There's a nod to the band's Irish background in "A Hard Day's Night," which cast Irish actor Wilfrid Brambell as McCartney's grandfather, and has him tell a police officer "I am a soldier of the Republic."

More than that, the three Beatles strongly identified as Irish. "We're all Irish," John Lennon declared when the band toured Ireland in 1963; it was no surprise, as a result, that this past year Yoko Ono declared "John ... sometimes considered himself 100% Irish."

After the Beatles broke up, two of them made their heritage more explicit. Inspired by the Irish Republican movement (and especially the events of Bloody Sunday), both John Lennon and Paul McCartney wrote songs drawn from their Irish backgrounds. Paul McCartney actually charted with the debut song by his band Wings, "Give Ireland Back to the Irish," which featured Northern Irish guitarist Henry McCullough.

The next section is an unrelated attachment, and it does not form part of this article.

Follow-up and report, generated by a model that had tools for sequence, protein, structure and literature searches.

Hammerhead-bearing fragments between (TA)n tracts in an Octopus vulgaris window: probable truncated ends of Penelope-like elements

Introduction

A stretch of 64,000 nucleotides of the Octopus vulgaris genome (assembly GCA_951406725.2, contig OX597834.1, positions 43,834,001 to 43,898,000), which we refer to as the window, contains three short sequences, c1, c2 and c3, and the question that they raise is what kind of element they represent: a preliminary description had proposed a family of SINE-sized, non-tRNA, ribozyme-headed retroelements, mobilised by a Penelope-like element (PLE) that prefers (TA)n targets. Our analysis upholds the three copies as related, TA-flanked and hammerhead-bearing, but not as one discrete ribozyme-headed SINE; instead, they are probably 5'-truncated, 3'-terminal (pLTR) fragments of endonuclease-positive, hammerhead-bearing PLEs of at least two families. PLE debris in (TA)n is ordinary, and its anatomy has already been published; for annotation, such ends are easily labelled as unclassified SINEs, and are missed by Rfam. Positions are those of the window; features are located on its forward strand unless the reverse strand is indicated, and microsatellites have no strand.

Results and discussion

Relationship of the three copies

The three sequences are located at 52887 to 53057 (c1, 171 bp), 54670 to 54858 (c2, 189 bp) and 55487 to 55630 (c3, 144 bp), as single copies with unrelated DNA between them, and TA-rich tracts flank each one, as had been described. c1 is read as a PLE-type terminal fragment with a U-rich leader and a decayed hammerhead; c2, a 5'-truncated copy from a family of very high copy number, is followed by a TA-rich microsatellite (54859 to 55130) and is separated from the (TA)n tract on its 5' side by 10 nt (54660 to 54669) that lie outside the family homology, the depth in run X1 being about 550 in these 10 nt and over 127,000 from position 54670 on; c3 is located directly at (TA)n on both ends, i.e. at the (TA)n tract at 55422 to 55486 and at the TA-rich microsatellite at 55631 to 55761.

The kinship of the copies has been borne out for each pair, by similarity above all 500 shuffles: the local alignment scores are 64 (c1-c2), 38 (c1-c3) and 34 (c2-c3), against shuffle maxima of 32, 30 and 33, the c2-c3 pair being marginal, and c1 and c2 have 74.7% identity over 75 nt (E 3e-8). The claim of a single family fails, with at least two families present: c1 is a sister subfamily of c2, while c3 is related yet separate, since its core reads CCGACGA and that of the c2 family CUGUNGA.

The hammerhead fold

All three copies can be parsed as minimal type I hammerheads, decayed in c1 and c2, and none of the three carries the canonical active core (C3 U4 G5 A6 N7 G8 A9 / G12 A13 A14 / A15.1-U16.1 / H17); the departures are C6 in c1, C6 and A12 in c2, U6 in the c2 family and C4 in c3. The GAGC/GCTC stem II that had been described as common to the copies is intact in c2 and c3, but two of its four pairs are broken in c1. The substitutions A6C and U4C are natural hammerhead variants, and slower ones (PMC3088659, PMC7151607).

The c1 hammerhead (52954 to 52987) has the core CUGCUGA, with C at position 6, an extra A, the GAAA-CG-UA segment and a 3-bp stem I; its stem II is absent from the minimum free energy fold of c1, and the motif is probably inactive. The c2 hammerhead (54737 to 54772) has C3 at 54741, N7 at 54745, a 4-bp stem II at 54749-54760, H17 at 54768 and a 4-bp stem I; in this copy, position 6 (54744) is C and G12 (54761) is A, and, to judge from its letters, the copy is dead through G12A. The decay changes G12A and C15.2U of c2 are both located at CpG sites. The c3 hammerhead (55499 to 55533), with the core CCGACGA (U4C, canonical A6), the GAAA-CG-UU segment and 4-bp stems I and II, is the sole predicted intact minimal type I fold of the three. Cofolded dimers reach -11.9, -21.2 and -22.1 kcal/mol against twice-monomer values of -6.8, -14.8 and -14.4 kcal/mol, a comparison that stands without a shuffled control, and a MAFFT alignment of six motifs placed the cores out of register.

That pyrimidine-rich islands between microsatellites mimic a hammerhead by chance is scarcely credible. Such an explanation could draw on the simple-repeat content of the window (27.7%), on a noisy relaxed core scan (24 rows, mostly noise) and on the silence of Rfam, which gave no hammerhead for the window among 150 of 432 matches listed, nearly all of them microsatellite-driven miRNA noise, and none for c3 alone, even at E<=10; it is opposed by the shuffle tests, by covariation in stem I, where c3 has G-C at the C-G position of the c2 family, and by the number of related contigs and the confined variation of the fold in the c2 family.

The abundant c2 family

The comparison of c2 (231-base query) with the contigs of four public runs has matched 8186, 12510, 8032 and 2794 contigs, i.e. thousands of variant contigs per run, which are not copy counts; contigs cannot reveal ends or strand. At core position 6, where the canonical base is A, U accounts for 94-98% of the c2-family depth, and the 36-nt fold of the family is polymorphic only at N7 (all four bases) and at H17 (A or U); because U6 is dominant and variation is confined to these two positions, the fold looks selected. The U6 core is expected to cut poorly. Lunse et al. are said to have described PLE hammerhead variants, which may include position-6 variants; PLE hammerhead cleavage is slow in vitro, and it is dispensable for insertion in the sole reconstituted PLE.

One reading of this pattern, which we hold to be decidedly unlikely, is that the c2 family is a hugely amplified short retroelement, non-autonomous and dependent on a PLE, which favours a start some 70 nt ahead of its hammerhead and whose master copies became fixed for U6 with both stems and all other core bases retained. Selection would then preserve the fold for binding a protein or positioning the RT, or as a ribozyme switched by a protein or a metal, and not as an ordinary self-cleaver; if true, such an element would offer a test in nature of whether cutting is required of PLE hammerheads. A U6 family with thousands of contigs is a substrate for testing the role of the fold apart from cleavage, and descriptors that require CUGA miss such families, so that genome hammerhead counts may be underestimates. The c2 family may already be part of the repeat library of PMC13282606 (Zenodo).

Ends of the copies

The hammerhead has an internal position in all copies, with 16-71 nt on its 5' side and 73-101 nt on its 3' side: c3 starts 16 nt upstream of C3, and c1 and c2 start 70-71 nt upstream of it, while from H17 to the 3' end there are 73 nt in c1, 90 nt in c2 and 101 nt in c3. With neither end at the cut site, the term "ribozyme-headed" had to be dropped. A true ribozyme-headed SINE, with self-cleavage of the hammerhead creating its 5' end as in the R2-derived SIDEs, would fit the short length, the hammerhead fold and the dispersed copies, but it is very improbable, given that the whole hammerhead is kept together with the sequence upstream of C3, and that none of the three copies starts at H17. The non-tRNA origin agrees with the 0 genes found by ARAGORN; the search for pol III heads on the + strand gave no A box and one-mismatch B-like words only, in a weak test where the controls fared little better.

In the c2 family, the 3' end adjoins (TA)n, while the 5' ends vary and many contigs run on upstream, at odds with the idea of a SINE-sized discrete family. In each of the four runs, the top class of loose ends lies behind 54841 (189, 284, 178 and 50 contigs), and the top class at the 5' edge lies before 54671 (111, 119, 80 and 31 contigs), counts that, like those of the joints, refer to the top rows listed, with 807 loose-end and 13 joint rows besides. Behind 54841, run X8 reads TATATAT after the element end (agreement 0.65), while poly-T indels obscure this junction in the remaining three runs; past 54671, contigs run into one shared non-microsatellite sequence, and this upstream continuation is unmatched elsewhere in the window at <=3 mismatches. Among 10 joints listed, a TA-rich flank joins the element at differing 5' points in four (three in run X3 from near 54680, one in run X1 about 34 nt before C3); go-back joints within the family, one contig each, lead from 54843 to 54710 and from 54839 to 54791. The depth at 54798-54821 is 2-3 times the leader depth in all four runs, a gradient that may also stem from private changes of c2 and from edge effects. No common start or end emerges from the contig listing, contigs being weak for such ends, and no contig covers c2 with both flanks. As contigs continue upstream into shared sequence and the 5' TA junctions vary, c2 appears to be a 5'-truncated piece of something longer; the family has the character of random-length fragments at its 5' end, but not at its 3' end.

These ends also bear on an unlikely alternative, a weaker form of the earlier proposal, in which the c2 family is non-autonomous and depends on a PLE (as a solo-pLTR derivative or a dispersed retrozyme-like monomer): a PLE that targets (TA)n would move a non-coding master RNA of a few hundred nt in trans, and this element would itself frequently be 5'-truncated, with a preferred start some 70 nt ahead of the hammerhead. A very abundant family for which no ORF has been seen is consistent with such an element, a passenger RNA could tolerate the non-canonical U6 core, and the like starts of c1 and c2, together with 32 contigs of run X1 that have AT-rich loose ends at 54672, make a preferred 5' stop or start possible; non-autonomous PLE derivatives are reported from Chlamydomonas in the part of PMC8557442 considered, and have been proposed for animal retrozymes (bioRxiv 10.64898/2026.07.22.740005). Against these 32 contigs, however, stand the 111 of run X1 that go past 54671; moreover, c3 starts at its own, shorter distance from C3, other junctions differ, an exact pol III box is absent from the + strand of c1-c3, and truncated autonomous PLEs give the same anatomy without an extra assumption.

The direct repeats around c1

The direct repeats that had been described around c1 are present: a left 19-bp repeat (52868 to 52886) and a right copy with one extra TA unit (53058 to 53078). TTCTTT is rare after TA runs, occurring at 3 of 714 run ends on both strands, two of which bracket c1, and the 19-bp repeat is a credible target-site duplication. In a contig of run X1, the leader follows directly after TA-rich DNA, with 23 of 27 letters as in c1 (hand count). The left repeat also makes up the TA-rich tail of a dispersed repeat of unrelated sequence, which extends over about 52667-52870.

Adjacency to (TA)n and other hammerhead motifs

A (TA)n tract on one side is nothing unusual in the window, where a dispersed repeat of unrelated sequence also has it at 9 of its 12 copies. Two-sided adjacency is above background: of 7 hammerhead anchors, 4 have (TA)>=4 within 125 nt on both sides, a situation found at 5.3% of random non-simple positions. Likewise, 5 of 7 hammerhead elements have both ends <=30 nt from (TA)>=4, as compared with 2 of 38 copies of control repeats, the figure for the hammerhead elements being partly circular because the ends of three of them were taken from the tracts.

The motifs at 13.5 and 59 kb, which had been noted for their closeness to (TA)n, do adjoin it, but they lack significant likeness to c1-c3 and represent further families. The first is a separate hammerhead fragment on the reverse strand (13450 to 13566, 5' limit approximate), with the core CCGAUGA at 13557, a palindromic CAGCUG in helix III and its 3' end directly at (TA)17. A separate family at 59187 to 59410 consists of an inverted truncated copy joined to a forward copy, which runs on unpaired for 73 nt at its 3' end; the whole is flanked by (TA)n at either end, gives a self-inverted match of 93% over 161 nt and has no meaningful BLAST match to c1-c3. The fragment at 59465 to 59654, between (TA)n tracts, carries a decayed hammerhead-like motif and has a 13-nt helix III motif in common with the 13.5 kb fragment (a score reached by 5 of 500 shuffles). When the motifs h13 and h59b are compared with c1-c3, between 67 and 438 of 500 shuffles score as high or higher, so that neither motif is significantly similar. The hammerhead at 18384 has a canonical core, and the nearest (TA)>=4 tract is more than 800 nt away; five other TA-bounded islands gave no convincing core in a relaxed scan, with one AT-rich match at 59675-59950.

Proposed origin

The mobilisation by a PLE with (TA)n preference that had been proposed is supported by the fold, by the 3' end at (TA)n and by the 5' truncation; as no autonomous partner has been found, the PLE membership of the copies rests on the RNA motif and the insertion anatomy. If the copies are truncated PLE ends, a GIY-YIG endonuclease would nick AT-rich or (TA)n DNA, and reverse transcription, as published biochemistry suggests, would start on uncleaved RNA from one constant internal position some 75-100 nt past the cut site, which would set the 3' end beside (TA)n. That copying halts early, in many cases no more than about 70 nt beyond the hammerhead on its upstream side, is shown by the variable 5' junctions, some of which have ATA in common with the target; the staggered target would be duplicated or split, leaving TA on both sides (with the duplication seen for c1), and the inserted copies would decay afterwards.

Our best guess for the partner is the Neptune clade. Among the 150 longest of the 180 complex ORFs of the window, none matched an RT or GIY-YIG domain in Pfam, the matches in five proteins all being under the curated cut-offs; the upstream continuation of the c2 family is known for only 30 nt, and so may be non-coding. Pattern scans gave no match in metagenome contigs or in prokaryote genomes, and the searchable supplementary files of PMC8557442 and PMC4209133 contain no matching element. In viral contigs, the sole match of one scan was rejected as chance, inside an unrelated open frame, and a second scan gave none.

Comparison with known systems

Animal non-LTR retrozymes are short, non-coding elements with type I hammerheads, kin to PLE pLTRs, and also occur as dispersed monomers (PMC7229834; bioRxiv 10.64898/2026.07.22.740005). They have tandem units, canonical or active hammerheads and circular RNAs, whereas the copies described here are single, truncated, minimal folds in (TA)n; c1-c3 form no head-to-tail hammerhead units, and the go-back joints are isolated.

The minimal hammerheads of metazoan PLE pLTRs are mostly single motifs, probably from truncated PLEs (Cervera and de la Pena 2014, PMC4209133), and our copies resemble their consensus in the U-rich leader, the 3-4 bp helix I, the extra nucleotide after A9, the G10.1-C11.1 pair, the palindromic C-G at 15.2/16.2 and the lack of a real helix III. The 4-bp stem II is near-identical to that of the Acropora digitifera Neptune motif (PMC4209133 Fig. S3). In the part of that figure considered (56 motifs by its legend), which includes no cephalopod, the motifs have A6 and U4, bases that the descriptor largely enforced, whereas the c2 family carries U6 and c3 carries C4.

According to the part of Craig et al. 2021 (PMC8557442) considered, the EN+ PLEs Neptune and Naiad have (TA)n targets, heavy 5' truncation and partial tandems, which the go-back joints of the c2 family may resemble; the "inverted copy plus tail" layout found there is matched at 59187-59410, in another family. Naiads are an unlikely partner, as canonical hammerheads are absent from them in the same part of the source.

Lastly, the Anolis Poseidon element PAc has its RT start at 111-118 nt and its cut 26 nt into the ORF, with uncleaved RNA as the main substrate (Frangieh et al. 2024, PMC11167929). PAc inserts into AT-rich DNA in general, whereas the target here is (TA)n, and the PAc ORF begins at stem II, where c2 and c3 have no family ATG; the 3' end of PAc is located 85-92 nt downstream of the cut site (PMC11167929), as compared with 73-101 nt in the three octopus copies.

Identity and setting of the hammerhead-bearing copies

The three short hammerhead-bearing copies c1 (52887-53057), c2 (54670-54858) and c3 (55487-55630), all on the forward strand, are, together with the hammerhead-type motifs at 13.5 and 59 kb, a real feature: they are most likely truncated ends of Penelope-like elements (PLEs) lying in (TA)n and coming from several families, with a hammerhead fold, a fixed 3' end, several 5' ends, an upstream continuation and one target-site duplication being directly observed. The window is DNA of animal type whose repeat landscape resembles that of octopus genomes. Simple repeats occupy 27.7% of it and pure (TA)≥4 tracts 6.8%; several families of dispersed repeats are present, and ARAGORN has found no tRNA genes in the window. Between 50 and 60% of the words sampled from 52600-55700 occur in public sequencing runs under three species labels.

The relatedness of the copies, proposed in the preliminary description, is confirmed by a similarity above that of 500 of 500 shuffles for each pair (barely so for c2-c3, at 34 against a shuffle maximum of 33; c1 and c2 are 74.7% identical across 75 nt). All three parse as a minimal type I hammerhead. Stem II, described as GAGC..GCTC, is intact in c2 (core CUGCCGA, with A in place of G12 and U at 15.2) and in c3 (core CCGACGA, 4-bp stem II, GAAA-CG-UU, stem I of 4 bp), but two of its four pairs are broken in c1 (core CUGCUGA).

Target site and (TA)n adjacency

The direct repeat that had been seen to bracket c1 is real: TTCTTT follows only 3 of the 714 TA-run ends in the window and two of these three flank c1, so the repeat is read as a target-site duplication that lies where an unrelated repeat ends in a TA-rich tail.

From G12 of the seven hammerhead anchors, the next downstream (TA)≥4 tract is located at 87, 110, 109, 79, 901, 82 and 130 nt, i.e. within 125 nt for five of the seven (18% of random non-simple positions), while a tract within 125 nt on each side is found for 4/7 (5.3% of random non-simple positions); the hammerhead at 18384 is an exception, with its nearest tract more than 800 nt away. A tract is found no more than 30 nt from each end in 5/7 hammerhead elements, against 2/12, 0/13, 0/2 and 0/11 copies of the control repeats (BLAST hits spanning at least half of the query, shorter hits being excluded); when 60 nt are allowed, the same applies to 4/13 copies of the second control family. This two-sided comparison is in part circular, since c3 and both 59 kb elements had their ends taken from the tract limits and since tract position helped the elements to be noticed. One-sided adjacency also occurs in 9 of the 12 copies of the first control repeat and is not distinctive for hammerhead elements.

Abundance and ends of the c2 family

McCartney also authored a song called "The End Of The End," which he described as "taken from the Irish idea of a wake. They don't get morbid. They all just say, 'Ah, he's a great fellow. You want another drink?' And they tell each other jokes and things. And coming from Liverpool, which we sometimes describe as the capital of Ireland, I've always enjoyed that idea."

In the meanwhile, Lennon wrote a much harsher response to sectarian violence in Northern Ireland, titled "Sunday Bloody Sunday." About the song, he said "if it's a choice between the IRA or the British army, I'm with the IRA. But if it's a choice between violence and non-violence, I'm with non-violence. So it's a very delicate line... "